Blog Post

Reviewing featured articles on Wikipedia: contributing to the best articles on the site

Reviewing featured articles on Wikipedia: contributing to the best articles on the site

One of the most useful functions that academics can perform on Wikipedia is reviewing articles. Reviewing an article is much like commenting on the draft of a paper - except all of the people submitting their articles for review really do want your feedback and will instantly incorporate it! Wikipedians who ask for feedback through the various review processes are a self-selecting group who are eager to listen and learn. Reviewing articles on Wikipedia can be one of the most rewarding experiences on the site. In this blog post, I will discuss the “Featured article candidates” (FAC). On Wikipedia, there are about 4,000 featured articles (out of the over 4 million articles on the site). These articles go through a rigorous review process and have to meet a strict set of criteria (Wikipedians are fond of saying that these articles are Britannica-level or better and, indeed, many of them are).


A featured article on Wikipedia must be:

  • well-written:  its prose is engaging, even brilliant, and of a professional standard;

  • comprehensive: it neglects no major facts or details and places the subject in context;

  • well-researched:  it is a thorough and representative survey of the relevant literature. Claims are verifiable against high-quality reliable sources and are supported by inline citations where appropriate;

  • neutral: it presents views fairly and without bias;

  • stable: it is not subject to ongoing edit wars and its content does not change significantly from day to day, except in response to the featured article process;

  • style and structure: it adheres to Wikipedia’s style guidelines and includes a concise lead, an appropriate and hierarchical structure, and consistent citation;

  • media: it has images and other media, where appropriate, with succinct captions, and acceptable copyright status. Images included follow the image use policy. Non-free images or media must satisfy the criteria for inclusion of non-free content and be labeled accordingly;

  • length: it stays focused on the main topic without going into unnecessary detail and uses summary style.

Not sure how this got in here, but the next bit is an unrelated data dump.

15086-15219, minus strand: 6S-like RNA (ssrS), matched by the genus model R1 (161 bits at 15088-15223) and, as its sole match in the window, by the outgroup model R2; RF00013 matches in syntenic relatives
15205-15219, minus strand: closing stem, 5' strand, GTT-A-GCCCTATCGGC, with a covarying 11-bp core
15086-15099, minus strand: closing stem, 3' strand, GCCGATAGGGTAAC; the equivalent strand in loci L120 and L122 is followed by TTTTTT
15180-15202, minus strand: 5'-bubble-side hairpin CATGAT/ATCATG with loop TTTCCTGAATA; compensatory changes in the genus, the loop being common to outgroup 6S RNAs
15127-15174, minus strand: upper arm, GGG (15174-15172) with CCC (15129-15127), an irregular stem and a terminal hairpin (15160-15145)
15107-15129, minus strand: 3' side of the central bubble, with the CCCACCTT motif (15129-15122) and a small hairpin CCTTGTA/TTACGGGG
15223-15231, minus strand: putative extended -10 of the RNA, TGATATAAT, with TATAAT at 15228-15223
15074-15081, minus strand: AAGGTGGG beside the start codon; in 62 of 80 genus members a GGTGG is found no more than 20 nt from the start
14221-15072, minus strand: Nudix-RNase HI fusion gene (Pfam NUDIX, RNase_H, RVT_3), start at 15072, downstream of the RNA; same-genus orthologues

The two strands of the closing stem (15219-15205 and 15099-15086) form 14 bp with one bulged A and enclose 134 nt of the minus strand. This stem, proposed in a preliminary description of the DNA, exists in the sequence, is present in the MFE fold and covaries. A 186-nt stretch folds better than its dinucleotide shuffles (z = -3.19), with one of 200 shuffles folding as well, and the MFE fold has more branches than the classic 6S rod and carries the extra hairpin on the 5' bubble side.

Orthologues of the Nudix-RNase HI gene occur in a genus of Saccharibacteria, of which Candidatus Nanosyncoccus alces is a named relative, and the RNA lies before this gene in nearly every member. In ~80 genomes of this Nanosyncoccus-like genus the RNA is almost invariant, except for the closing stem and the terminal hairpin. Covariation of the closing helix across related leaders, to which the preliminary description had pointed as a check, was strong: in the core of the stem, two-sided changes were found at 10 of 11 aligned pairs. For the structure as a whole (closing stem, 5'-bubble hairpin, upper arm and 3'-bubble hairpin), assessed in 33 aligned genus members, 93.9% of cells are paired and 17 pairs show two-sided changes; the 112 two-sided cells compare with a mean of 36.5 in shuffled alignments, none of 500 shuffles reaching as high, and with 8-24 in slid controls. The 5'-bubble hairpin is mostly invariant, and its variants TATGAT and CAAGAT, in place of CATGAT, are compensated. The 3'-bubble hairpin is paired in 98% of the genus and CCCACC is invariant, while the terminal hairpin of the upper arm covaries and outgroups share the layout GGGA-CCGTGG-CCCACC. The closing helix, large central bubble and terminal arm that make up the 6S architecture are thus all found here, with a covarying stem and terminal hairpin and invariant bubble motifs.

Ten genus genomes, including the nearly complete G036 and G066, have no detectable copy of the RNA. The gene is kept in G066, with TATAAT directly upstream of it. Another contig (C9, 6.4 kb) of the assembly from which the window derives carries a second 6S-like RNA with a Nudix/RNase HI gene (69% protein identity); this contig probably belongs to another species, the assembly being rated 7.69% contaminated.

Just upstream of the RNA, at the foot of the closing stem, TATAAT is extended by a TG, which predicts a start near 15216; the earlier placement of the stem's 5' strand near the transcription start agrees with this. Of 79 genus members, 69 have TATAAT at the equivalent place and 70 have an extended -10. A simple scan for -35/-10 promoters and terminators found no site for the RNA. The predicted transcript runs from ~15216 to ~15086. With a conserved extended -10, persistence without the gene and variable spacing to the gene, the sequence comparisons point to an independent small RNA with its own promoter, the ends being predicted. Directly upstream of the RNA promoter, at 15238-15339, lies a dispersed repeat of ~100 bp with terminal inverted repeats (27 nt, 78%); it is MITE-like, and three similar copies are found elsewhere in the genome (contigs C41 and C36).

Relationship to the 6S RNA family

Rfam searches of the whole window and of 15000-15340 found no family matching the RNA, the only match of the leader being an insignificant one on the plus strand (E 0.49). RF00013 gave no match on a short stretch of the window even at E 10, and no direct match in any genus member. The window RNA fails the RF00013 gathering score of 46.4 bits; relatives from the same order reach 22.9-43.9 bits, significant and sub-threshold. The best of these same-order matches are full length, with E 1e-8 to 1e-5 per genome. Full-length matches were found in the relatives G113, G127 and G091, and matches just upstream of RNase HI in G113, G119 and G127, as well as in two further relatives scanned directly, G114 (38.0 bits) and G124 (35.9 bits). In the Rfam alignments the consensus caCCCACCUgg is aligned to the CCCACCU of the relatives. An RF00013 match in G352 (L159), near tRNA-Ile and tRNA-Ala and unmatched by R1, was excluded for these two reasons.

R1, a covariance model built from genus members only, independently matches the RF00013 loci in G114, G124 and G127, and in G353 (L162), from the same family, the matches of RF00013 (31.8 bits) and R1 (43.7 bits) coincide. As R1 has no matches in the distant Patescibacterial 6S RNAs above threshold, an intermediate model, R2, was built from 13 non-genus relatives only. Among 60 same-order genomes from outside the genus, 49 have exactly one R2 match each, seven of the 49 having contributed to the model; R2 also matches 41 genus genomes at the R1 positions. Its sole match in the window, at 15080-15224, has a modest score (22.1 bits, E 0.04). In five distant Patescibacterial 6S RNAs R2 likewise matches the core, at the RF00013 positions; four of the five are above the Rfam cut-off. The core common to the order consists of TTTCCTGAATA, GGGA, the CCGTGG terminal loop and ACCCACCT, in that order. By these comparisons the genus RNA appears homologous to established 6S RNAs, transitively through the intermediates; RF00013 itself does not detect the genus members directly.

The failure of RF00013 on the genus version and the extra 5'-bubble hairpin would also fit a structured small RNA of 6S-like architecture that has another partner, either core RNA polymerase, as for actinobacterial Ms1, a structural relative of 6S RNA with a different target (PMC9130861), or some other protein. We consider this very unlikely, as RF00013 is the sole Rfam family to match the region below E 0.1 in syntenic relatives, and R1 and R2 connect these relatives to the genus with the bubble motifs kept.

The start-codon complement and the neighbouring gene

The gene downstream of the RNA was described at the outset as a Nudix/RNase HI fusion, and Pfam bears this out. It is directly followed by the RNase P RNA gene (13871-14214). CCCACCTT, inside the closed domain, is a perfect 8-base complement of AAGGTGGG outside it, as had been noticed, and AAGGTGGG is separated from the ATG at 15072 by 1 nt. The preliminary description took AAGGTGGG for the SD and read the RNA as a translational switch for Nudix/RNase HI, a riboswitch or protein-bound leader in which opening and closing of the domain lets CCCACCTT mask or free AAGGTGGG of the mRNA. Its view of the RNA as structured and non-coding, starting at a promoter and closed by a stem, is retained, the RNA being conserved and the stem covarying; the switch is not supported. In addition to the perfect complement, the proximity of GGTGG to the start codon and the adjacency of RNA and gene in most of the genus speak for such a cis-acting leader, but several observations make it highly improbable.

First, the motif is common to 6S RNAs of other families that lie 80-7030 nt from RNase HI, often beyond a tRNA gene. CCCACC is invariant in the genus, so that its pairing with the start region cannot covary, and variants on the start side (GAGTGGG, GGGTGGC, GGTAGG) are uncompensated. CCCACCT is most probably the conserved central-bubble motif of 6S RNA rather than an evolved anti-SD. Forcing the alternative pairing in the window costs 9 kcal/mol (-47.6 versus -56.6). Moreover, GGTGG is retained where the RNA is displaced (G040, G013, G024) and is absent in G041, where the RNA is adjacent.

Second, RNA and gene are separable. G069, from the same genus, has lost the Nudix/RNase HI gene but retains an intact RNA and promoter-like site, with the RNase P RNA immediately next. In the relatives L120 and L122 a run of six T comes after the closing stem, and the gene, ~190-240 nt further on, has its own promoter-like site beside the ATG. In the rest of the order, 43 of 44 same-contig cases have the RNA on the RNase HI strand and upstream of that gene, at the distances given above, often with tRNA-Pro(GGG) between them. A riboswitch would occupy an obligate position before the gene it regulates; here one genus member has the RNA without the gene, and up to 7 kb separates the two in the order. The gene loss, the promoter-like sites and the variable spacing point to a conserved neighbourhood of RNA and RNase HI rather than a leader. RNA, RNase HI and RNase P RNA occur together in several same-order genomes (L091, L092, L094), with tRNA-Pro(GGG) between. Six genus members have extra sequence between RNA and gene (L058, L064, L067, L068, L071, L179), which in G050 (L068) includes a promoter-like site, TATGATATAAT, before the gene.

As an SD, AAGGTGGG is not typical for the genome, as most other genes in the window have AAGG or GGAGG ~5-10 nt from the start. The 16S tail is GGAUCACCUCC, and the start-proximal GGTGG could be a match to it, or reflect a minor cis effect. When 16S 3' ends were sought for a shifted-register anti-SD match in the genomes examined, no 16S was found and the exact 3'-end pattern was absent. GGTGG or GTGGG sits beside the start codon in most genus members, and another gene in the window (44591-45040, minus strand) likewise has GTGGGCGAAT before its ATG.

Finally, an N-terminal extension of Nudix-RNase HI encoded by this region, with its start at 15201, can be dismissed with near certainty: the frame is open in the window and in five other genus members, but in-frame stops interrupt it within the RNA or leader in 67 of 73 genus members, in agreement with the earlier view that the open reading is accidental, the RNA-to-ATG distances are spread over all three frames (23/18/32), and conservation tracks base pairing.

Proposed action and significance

Reviewing for all of these criteria is time-intensive and exhausting, so most reviewers focus on one or two items, such as prose, images, or comprehensiveness. Academics can be particularly useful in helping Wikipedia editors determine if an article is comprehensive or well-researched because generally those writing the articles are not experts. But one does not even have to be an expert to see omissions. For example, let’s look at “Talk that Talk (Rihanna song)”. I am certainly no expert in contemporary popular music, but in reading through this article, it was clear to me that a feminist analysis of the song (famous as it was) must have been done. I could either point out this omission in the review or email some friends more familiar with the scholarship and reviews of rap music and gather some sources to recommend to the writer (the better avenue).


Reviews are submitted in one of three ways at Featured Article Candidacy:

  • Support: This means you believe the article meets the above criteria. You must state your reasons why (this is very important - empty supports are not given any weight). Alternatively, you can support based on some of the criteria, explaining, for example, you only read the article for the quality of its prose. This allows other reviewers to come along and fill in the gaps.

  • Oppose: This means you believe the article does not meet one or more of the criteria above. You must explain which criteria it does not meet and why. Editors should have a chance to rectify the problems and you should reconsider your “oppose” when they do. Keep in mind that many articles at FAC have been works in progress for months or years, so casually dismissing them is unhelpful and demeaning.

  • Comment: You have suggestions for improvement but no view on whether the article should be featured for any number of reasons. For example, you have only looked at the copyright status of the images or haven’t had time to read the entire article.


Feminists can bring an important perspective to these reviews because feminist viewpoints and scholarship are often left out of articles; editors are either unaware of important sources or lack access to those sources. On more controversial articles, such as Rape during the Bangladesh Liberation War, it is imperative that there are feminist voices in the conversation. In this discussion, there are extensive claims about how many rapes took place, who was responsible for them, and the like. It is essential that feminists who are informed on this event participate in reviews like these, as otherwise one or two determined editors can sabotage the writing of an excellent article.


Start reviewing! (If you don't have a Wikipedia account yet, it is best to register. Comments from registered accounts are taken more seriously.)


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